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Politics, Luck and Timing

 A couple of weeks ago when Liz Cheney dropped out of the Wyoming Senate race, there was a sigh of relief from a number of people around the state. I was one of them, but not for the obvious reasons you may think. 

I have to admit I’m not much of a political animal, and I never have been. I support the good conservative candidates, but I’m not too vocal about it. I suppose that is wrong, but that’s just the way it is. One political sign on my yard is enough. I was most likely one of the few that really didn’t want to face the next months just listening to political ads until next August or November. In my mind, nothing gets older than trying to watch the evening news or another program and getting continuous political ads all the time. I’ve always thought that our political campaigns should be shorter periods of time, especially for the presidential race. 

To be truthful, I like Senator Enzi. I think he has done a good job and deserves to stay in the Senate representing Wyoming, especially if the Republicans get control of the Senate, which hopefully is possible. 

And to be truthful, if Senator Enzi wasn’t running, Liz Cheney would maybe have made a good Wyoming Senator. We really didn’t get to see her that much to make a decision. She certainly had the experience on how Washington, D.C. works, and in the hour or so she visited the Roundup office, you could see she was the “real deal.”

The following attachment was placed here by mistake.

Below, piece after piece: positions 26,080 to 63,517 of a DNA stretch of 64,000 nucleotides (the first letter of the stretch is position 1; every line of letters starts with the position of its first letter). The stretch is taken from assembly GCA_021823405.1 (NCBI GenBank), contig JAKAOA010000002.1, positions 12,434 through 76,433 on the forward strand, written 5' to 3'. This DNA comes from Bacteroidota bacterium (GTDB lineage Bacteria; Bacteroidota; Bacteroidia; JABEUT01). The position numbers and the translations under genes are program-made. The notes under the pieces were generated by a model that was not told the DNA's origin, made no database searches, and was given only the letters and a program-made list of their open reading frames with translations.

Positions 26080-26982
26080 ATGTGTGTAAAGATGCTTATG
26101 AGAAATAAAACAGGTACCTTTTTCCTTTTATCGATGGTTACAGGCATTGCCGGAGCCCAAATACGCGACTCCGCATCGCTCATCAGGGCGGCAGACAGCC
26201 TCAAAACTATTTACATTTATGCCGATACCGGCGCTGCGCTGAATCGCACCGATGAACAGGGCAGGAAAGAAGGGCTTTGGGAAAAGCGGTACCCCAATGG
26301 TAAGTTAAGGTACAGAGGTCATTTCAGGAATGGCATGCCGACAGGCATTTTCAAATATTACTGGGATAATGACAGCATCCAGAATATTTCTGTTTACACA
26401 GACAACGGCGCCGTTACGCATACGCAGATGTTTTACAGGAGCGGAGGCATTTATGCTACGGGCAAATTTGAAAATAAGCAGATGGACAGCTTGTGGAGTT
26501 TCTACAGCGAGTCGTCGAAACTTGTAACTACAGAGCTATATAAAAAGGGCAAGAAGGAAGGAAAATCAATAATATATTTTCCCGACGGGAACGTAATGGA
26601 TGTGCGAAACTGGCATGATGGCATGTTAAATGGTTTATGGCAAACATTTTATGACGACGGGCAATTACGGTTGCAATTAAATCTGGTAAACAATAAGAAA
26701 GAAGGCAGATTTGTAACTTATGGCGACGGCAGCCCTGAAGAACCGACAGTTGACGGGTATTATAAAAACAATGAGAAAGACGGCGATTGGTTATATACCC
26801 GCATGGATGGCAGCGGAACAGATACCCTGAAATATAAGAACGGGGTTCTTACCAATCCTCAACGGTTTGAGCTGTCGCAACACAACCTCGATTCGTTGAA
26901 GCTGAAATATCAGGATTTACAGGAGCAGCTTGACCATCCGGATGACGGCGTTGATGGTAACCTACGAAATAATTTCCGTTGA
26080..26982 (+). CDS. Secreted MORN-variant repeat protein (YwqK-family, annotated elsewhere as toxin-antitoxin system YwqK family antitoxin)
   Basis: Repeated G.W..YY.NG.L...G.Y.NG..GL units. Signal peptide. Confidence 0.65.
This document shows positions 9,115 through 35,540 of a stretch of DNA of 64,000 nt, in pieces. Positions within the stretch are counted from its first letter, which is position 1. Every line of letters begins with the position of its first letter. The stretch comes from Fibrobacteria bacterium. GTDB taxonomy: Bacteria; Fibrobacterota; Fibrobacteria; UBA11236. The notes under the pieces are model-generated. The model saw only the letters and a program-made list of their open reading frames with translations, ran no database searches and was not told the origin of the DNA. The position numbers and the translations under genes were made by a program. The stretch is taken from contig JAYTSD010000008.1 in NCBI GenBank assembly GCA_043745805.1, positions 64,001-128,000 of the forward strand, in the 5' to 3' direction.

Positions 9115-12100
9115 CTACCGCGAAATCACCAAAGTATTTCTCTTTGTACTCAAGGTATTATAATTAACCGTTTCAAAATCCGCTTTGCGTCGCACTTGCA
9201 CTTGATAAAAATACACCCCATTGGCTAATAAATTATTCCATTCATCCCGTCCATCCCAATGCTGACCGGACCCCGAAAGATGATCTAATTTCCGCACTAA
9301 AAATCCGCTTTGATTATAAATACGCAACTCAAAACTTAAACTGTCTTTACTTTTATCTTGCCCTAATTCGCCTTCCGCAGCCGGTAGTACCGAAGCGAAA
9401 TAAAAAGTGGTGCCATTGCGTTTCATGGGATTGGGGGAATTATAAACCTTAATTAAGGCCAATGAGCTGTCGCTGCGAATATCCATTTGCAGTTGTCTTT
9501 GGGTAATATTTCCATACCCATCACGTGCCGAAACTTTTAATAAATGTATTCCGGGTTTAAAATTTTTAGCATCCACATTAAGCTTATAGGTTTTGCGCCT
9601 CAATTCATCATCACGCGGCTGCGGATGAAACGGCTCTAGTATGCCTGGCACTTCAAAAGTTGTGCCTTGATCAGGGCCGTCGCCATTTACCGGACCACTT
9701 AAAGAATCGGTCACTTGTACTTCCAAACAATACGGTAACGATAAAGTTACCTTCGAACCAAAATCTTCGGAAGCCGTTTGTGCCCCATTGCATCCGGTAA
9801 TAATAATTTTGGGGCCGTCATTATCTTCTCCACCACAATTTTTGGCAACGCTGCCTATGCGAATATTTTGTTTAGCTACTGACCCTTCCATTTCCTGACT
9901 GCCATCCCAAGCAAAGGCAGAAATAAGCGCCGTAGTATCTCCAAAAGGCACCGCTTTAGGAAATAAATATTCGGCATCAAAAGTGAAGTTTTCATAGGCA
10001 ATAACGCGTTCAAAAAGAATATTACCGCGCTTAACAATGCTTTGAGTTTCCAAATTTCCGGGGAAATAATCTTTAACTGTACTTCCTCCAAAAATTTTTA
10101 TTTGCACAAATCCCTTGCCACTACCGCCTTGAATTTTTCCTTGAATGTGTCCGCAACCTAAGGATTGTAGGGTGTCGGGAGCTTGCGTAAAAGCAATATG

I always thought in politics, you had to have some luck, and your timing has to be right. Luck and timing didn’t favor Liz. I had heard all the garbage on why she shouldn’t run as did everyone else, and I didn’t pay much attention to it. As I told her, if you are qualified to run for the office of your choice, this is America and that is your privilege. If someone disagrees with you, they can do so by supporting their candidate and in the voting booth. I have a lot of respect for most of those running for office, especially the top state and national offices. 

At some point, I hope to see Liz Cheney back as a candidate. She certainly wasn’t afraid to take on the odds. This just wasn’t her time. 

If the Republicans do gain control of the Senate, and it is a possibility, Mike Enzi will have a lot of clout. No more than 10 Republicans will have more seniority than Senator Enzi, and that will mean committee chairman roles and that seniority will go up if long-time Republican Senators are beaten out by new Republicans. 

As David Hawkings wrote in his Roll Call blog, “In short, his low-profile but high-impact style of conservatism looks to be an essential piece of the Senate Republican strategic game plan for the rest of the decade, especially whenever his side is looking to strike a deal with the Democrats on domestic policy.” 

Senator Enzi knows when to draw the line in the sand and when you have to deal, we wish him and Diana good luck and good health. We need them.